Class of Spectra 2016: Asta Diabaté


What does graduation mean to you?

It means an end of an era and the beginning of a new one. It means the realization of something that I have dreamt of doing – going to university – since I was 5. It is an achievement not only for myself but for a family. It is the result of my efforts combined with the faith and support I have gotten from the people around me.

What is the trajectory you see for yourself?

Success, a family of my own perhaps? I don’t know. I realized not too long ago that you can only plan so much. Life has always a way to change and mess up the plans that you have. If you asked me last December what trajectory I see for myself I would have described events and plans vastly different from the ones I have now. For the moment I know I’ll be starting an internship in Seoul in August that could turn into a full time job; and I know I have to work and make SPECTRA the best it can be.

What impact has university had on you?

I entered university as a color-blind convicted conservative with no understanding of race, gender, or anything really. I grew up sheltered and somehow privileged despite my working-class parents. Now I leave university as a convicted feminist, still centre-right but no longer affiliated with any party, and proud to call myself Afro-Italian. University has opened up my mind to a whole world out there and none of this would have been possible without the random conversations I had with friends, or with random strangers, or simply without listening to what other people had to say.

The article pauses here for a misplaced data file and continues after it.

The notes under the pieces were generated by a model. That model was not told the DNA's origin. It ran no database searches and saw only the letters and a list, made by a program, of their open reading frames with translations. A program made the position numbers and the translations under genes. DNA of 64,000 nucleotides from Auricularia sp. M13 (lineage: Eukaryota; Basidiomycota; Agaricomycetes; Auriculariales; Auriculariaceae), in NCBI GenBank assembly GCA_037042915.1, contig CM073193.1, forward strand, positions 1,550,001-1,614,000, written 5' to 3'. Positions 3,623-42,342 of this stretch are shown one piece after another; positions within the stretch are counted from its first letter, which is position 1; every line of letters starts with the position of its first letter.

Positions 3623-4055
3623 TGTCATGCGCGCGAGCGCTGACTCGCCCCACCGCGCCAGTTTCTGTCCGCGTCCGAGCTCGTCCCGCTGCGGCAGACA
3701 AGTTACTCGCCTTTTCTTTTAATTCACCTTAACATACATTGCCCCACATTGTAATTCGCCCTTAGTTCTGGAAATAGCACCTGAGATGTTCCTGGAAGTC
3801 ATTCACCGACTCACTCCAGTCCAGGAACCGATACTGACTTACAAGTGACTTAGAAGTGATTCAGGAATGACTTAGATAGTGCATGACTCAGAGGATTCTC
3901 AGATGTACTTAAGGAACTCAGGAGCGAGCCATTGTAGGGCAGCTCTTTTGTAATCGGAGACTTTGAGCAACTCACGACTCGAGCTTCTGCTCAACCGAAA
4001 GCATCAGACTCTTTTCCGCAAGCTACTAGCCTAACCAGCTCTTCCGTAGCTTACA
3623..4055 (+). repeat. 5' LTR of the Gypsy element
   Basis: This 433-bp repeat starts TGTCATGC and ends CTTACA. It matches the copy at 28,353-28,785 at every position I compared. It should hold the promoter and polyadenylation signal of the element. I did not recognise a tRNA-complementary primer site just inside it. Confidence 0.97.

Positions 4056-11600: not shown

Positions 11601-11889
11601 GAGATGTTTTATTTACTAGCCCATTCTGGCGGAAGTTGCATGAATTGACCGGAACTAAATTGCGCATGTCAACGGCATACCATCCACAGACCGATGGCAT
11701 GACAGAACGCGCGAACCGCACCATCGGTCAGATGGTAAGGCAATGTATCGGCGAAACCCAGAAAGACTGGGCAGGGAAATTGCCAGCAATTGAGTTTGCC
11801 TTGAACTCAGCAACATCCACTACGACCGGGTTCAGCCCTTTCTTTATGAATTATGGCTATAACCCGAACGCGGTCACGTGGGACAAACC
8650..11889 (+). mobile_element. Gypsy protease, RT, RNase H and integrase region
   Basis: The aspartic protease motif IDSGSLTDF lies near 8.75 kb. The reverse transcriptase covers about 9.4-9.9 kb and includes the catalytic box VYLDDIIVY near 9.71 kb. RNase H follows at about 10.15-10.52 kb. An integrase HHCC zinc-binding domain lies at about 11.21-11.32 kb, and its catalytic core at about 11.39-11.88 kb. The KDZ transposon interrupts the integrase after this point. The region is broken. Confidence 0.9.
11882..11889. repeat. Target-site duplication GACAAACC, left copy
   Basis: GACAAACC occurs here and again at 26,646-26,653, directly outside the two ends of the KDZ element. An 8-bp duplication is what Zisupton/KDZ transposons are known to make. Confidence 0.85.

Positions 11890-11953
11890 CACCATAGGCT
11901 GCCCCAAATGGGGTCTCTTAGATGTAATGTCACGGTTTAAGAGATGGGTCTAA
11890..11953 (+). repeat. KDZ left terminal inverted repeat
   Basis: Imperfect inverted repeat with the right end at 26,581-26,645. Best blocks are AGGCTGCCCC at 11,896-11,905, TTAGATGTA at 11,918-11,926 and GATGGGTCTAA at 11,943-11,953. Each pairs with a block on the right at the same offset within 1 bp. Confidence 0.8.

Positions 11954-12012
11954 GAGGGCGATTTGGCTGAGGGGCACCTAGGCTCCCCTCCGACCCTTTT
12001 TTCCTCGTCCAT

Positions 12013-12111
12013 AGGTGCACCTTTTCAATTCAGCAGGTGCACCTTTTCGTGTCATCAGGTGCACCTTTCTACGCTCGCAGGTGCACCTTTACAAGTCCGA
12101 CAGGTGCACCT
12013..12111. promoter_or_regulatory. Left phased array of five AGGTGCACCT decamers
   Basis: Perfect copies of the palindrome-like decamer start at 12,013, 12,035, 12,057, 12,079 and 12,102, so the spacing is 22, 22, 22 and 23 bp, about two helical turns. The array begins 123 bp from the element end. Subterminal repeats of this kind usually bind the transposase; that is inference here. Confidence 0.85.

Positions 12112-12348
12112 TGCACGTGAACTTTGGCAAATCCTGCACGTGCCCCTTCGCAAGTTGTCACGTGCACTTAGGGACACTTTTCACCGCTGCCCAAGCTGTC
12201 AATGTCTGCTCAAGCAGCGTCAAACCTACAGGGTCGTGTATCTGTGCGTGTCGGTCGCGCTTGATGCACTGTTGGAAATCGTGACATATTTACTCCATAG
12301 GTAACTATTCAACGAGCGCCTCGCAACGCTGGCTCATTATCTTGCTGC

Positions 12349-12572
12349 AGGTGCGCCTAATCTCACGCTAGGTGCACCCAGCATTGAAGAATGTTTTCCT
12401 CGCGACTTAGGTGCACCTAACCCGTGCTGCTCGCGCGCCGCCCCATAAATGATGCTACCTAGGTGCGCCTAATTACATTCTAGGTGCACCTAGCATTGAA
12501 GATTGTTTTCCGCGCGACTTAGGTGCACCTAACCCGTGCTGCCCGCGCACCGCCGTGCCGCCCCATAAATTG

Which are your most potent memories of university?

Having conversations switch from the most mundane of topics to the most academically rigorous topic in a few seconds. Performing my poem at an exhibition on sexual violence that I had helped organize for the It Happens Here campaign. Feeling drained and amazing after handing in my 12,000 words thesis on American presidential elections. I could go on forever. I guess the running thread of my most potent memories is the fact that I was being challenged, I was bettering myself and I was growing.

What gives you impetus?

My family. I jokingly tell my parents that I have won the birth lottery. My parents are my inspirations, and so are my grandmother who is sadly no longer with us. They didn’t have the chance of an education. So I’m doing this for them as well as me.



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